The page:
Airplanes feature inflated tires that are able to absorb the shock of landing on a runway. Unlike the tires on cars and trucks, though, they aren’t inflated with air.
Most airplanes feature nitrogen-inflated tires. Nitrogen gas is pumped into the tires until a specific pounds per square (PSI) of pressure is reached. Whether narrow-body or wide-body, nearly all airplanes have nitrogen-inflated tires. Nitrogen offers several benefits when used to fill airplane tires.
Keeps Out Moisture
Nitrogen keeps moisture out of airplane tires. Regular atmospheric air contains moisture. If used to fill airplane tires, air will introduce moisture. Moisture will enter airplane tires where it causes other problems. Filling airplane tires with nitrogen prevents moisture from entering them.
Protects Against Corrosion
Because it keeps out moisture, nitrogen protects airplane tires against corrosion. Airplane tires can succumb to corrosion. Moisture will facilitate oxidation within airplane tires, thus causing them to corrode from the inside out.
Assuming it’s pure, nitrogen won’t contain any moisture. Therefore, it protects airplane tires against corrosion. Airplane tires are sealed. They can be pumped with nitrogen without introducing moisture. And with nitrogen, corrosion isn’t a concern.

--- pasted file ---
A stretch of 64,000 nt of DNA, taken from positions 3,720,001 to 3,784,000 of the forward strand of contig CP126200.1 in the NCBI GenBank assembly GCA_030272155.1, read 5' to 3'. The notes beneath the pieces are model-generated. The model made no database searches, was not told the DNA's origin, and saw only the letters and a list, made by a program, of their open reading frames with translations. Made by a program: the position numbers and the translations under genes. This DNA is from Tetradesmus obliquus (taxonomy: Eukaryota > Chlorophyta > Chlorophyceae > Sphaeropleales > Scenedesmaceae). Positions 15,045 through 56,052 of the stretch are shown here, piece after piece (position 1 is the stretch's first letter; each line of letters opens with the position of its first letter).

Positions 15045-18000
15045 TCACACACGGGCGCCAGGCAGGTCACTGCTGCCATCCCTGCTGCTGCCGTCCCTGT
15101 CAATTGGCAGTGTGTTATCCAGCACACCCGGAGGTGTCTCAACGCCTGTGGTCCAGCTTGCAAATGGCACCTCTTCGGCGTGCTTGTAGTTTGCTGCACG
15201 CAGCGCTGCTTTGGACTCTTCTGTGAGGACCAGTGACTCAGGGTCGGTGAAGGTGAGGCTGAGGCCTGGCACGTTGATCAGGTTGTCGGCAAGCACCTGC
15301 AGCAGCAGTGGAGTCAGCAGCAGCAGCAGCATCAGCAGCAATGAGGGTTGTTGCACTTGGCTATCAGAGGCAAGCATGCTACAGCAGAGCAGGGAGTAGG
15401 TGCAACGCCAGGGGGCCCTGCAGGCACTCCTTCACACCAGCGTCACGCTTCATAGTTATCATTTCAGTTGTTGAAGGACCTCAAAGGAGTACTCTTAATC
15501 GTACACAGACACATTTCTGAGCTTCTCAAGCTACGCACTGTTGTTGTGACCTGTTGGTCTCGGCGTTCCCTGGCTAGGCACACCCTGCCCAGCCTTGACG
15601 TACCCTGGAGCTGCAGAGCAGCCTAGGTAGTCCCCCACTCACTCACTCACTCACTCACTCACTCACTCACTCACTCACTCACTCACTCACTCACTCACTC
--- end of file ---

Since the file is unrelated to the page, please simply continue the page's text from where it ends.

Promotes Consistent Pressure
Another reason nitrogen is used to fill airplane tires is because it promotes consistent pressure. The pressure of an airplane’s tires may vary depending on the altitude. As the airplane ascends, the pressure of its tires may change. This is due mostly to the moisture vapor freezing. The moisture vapor inside of the tires will freeze, thereby creating inconsistent pressure.
Nitrogen doesn’t contain moisture, so it promotes consistent pressure. Airplane tires filled with nitrogen may experience some minor fluctuations in tire pressure, but the PSI will remain relatively stable.
It’s also worth noting that nitrogen is a nonflammable gas. Pure oxygen can be moisture-free as well, but oxygen is a highly flammable gas. When exposed to a heat source, it can ignite. If this ignition occurs inside of a tire, it may cause the tire to explode.
Nitrogen offers a safe and effective alternative to oxygen. As a nonflammable gas, it won’t ignite when exposed to a heat source.
Since the late 1980s, the U.S. Federal Aviation Administration (FAA) has required commercial airplanes to use nitrogen in their tires rather than air or oxygen. Nitrogen keeps out moisture, protects against corrosion, promotes consistent pressure and is nonflammable.